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Homing in on directed imaging platforms

Aug 9, 2016

At the David Geffen School of Medicine at the University of California, Los Angeles (UCLA), Anna Wu, Ph.D., professor and chair of the department of molecular and medical pharmacology, has been engineering antibodies for both therapeutic and imaging purposes. Antibodies meant for imaging, she points out, reflect a slightly different set of engineering characteristics.

Dr. Wu works with colleagues at UCLA and ImaginAb (a company she co-founded in 2007 and now serves as chief scientist) to engineer labeled antibodies. Because Dr. Wu in interested in advancing positron emission tomography (PET) imaging, she is engineering antibodies that incorporate positron-emitting radionucleotides.

“Each imaging modality has its strengths and weaknesses,” notes Dr. Wu. “Magnetic resonance imaging (MRI) gives you anatomical and physiological imaging, but it doesn’t have the sensitivity of PET. PET has a higher resolution and sensitivity compared to single-photon emission computed tomography (SPECT), but it has lower resolution than MRI or CT.”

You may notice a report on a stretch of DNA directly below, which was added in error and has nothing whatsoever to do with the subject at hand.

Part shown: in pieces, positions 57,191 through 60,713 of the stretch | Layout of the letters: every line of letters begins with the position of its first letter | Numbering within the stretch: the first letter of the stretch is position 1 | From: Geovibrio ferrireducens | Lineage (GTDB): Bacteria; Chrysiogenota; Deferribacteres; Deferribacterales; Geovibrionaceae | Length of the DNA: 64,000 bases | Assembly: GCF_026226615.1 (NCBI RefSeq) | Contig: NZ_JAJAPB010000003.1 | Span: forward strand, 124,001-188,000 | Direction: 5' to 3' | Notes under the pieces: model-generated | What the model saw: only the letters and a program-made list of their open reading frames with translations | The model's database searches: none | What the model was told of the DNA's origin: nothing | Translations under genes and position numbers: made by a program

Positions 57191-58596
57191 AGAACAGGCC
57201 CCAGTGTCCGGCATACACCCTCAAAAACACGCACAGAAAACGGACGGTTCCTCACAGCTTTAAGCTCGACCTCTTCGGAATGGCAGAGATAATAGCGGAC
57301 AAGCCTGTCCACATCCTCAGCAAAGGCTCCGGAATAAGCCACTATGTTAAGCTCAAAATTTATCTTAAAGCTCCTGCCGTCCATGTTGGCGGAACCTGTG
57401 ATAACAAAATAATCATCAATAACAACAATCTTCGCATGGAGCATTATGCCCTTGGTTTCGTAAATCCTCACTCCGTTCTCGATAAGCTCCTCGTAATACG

Dr. Wu has chosen PET because it fits well with her antibody fragments (called minibodies and diabodies) in a process coined immunoPET. She favors PET because it can, she says, be combined with the specificity of antibodies.

“One of the key features of antibodies is they have very long circulating half-lives,” she points out. “Antibodies stay in the blood for days to weeks.” To match the half-lives of antibodies, she and others have been testing longer-lived positron emitters, such as zirconium-89. “The fluorine-18 everyone uses has a two-hour half-life, so it’s a challenge to make a fragment that targets and clears quickly enough to image.” Zirconium-89, in contrast, has a half-life that is a little over three days.

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Bruker Biospin

Bruker is a performace leader in preclinical imaging instrumentation. Bruker offers nine imaging modalities: PET, SPECT, CT, MRI, MPI, fluorescence, luminiscence, radioisotipic imaging and X-ray.

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